Oh, if only it were that easy. Why the hell can’t it be that easy? Can I find some emotionally healthy way to block out all of the cancer related stuff, and only pay attention to the non-cancer stuff in my life? It’d be a lot easier if I weren’t spending hours a day sitting on the toilet as everything I eat goes straight through me. (And side note, why the hell have I gained a pound this week when I’ve had diarrhea for the past 3 or 4 days?)

On the upside, another part of my lab work ritual is that I usually treat myself to a trip to the mini outlet mall across the freeway, and today I found a great pair of pants and a couple of pairs of sunglasses (to go with my new Farrah Fawcett hairdo).

I am continuing to jump back into life, and I think my shopping habit shows it. Over the past week, I’ve purchased a lot (almost all on line, because I’m still tired) – a bunch of fabric, some summer tops, odds and ends for the household, and just tonight I ordered my face cream from Macy’s. I’d been putting that purchase off because it isn’t inexpensive and because, frankly, I was feeling pretty grim about my future. But dammit, if I’m going to die, I’m going to die with the best skin I can have.

I had a bunch of girlfriends over for an artsy craftsy day yesterday. We spent a few hours making fused fabric landscapes. Definitely gave me a sort of high to spend time with them and to see all of the amazing work they did. I’d like to extend an invitation of quilting lessons to anyone who wants to learn to quilt. I might put you to work on some of my stuff, too.

I wish I could weave all of these various threads into a more coherent, cohesive post. But that seems to be how my mind works lately. In order to make sure I remember something, I often have to put down a thought or an activity half baked. It makes everything more scattered, especially when I have to try to remember to go back to the original thought or activity. And I often don’t remember until much later.

Ugh, frustrating.

And I just realized that this Monday of last year, I quit that stupid ass job that was sucking the life from me, and I was re-evaluating everything that I was doing. I was excited for what I thought was coming – more school, new opportunities, etc. Just didn’t realize that everything would be turned upside down just two days later by the emergency room trip and the cancer diagnosis and horrible prognosis. But I think I’ve done pretty well over the last year, all things considered.

Not able.

I feel a bit frustrated tonight. Miss M and I have an invitation to see a movie with friends tomorrow, and while trying to work that out, I haven’t been able to keep hold of the idea that she also has a birthday party to go to tomorrow. It keeps slipping away from me. My mind is like a sieve. I’ll remember something midway through doing something else, drop what I’m doing so I don’t forget the new thing, and completely forget to go back to the old thing.

I’m also agitated because I’d also been hoping to go to a quilt guild meeting tomorrow. I’ve been wanting to join a group, and the Saturday afternoon timing seemed like it would work well with my schedule. But then it turns out it’s in Redwood City, not Foster City, and that extra 10 miles or so each way pushes it from “it’ll be a stretch” to “I don’t want to risk it.” Plus, I’d planned to pick up our dinner stuff afterwards, but found that the actual meeting would end 2 hours before the pick up time. And so Saturday isn’t shaping up how I expected it would.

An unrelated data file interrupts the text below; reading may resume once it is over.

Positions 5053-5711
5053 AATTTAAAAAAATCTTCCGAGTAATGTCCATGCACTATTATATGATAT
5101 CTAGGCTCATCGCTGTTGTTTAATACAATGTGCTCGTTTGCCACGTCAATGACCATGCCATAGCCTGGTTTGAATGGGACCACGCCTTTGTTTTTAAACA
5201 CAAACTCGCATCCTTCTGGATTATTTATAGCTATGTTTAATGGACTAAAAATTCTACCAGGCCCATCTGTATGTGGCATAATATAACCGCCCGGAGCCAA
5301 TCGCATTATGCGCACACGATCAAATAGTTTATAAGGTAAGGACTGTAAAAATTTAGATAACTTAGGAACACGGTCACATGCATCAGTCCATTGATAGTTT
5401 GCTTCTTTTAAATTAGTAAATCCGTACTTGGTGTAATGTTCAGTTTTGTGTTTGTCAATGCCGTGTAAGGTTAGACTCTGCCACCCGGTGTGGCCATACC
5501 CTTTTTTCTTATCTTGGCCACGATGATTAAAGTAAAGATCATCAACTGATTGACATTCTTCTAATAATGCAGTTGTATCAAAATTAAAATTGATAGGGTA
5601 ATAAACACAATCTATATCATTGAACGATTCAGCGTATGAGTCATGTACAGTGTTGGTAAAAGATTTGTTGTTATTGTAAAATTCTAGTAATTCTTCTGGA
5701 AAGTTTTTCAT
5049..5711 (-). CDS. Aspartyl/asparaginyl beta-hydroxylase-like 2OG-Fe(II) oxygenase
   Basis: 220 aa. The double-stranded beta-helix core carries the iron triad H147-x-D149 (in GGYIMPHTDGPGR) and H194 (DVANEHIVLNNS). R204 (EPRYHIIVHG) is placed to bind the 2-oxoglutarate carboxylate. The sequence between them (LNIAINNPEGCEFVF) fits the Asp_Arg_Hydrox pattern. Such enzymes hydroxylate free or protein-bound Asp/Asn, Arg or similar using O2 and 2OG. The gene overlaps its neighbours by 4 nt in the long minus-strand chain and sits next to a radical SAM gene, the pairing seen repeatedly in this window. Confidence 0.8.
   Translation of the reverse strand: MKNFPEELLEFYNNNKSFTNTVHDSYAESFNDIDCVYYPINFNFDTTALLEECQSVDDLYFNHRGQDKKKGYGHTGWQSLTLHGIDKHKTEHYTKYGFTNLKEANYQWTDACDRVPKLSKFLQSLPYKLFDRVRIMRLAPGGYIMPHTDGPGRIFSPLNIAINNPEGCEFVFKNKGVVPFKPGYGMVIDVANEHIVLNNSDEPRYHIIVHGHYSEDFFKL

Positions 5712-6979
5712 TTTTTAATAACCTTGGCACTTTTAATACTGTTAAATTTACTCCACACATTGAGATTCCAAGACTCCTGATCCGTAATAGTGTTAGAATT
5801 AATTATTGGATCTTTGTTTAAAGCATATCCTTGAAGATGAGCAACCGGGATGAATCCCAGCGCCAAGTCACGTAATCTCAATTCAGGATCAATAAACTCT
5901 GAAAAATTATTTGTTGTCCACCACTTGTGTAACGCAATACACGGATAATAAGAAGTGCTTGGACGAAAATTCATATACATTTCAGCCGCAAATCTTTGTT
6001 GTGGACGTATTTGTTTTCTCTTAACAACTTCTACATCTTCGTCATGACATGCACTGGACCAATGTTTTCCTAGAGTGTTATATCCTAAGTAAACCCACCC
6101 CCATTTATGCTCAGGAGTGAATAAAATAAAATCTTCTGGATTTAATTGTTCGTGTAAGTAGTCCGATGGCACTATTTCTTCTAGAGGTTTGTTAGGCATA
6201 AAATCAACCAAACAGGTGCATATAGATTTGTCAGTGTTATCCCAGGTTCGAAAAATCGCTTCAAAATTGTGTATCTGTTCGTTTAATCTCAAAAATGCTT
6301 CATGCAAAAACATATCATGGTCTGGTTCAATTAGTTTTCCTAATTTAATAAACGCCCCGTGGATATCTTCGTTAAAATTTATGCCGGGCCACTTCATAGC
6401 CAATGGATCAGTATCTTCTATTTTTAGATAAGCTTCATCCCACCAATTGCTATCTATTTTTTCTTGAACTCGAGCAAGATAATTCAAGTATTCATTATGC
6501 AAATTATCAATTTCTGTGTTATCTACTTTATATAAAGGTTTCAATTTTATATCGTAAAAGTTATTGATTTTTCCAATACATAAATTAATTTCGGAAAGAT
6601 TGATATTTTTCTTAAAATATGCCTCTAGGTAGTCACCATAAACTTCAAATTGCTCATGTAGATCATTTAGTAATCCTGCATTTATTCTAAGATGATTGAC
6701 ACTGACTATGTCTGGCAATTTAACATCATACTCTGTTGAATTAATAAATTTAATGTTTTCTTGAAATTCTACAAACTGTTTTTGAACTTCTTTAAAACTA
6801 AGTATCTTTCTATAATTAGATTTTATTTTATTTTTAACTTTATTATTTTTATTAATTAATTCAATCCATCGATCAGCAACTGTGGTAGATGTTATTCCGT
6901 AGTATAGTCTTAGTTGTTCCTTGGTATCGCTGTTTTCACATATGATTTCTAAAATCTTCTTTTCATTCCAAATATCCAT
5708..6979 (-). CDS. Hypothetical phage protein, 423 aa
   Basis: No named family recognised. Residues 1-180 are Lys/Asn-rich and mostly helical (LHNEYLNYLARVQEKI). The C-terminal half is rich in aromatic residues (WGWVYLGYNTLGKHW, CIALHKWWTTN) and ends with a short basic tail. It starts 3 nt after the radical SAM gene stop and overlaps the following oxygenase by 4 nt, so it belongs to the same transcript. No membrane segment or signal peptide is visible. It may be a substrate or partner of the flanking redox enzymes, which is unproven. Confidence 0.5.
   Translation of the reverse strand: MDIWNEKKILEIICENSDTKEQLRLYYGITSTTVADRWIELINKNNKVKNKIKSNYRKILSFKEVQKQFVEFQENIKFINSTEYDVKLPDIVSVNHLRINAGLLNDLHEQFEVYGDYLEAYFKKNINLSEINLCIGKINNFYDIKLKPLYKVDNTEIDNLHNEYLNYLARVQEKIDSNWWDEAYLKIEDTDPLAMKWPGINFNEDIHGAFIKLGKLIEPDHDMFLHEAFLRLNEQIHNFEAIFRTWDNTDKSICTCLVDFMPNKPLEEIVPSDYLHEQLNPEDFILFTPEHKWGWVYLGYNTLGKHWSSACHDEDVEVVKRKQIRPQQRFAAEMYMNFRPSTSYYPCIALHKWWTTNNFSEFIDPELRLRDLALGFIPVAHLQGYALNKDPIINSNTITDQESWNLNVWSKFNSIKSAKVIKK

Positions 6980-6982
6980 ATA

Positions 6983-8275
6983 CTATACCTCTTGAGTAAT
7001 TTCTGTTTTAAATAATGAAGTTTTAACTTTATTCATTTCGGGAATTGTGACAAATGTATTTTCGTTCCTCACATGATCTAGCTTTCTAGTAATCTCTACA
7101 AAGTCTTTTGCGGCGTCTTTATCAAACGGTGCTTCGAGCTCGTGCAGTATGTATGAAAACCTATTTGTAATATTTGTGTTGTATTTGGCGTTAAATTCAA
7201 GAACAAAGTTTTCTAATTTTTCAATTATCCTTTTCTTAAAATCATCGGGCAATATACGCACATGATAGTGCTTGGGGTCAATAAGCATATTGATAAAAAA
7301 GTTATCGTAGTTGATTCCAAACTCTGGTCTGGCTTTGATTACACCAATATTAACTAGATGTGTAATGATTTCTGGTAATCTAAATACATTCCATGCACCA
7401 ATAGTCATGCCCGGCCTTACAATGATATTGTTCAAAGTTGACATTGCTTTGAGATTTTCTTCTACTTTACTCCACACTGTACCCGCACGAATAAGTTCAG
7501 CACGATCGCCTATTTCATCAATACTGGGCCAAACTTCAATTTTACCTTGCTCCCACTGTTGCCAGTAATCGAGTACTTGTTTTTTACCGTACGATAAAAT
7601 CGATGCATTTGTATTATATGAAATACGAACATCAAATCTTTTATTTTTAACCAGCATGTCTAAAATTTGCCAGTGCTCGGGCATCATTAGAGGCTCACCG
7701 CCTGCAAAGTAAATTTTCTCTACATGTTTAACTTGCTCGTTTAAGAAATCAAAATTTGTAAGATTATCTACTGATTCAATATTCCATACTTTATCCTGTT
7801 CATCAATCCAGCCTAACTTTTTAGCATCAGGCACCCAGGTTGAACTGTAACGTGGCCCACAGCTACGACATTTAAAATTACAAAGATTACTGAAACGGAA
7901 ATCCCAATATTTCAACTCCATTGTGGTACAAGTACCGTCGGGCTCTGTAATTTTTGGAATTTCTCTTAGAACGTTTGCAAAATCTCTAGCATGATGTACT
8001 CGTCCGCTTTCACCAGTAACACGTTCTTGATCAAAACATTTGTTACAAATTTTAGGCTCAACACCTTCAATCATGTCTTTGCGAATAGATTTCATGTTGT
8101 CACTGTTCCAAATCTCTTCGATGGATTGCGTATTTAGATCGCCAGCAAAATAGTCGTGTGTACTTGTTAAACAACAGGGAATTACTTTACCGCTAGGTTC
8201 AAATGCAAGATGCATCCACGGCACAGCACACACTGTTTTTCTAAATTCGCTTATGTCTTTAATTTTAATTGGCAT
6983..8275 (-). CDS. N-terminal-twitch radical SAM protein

The other quilt group I was looking into is held on a week night in Oakland, so distance wise, it’s do-able, probably. But it’s in the evening, two and a half hours after my support group ends in Pleasanton. Lately I’m so wiped out after group, that I don’t think there would be time to get enough rest between travels.

I want to stand in the middle of the room, stomping my feet, crying “IT’S NOT FAIR!!!” I want to be able to do the things I used to be able to do – like drive 45 minutes to get to a meeting without worrying that I’ll over exert myself. I’m frustrated being stuck in a smaller sphere of living. I’m annoyed that even the little things wipe me out.

I’m doing my best to acclimate. I’ve been using Amazon for most of my non-grocery shopping needs. Waiting two days for a package is preferable to wasting my energy going to Rite Aid or the hardware store. I plan my days so that I have rest time between activities. I have to spend time planning so that I don’t waste my energy. I’m pretty sure that, if I contact people in the guild across the bay, I can find someone to carpool with to future meetings.

But I want to go tomorrow. And I just can’t find a way to make that happen. And it sucks.

I probably should go to bed.

The Lisa Show

I knew that I was feeling a bit lonely and a lot sorry for myself, and I knew that I had to get the hell out of that funk, and I figured that having people around might help me feel a little less sorry for myself, and a bit less lonely. But what the visit from my in-laws showed me was that companionship through out the day would drag me, yank me, bodily force me, into a happier and better state of mind. It’s so much easier to be dying when you’re sitting alone in your home, feeling tired, feeling pain. It’s much harder to do that when you’ve got people with you for much of the day, pulling you back into the world of the living. And, yeah, I feel like I’m living again, and what a thrill that is!

And of course, I’ve still got a litany of little complaints: I haven’t allowed myself to rest as much as I should; I’m not pain free; my gut is bothering me, and I’m spending too much time on the toilet; I still can’t hike. But for now, they’re just little complaints. They aren’t a death knell, rather just little somethings to deal with while I live day to day.

One of the best things about living is spending time with the people I know and care for. Beyond helping me avoid a pity party for one, it’s just so much fun. So I’d like to encourage people to come visit me during the day, if you’re able. Yes, I might get tired, but any physical exhaustion I feel is peanuts compared to the emotional boost I get from seeing my friends and family.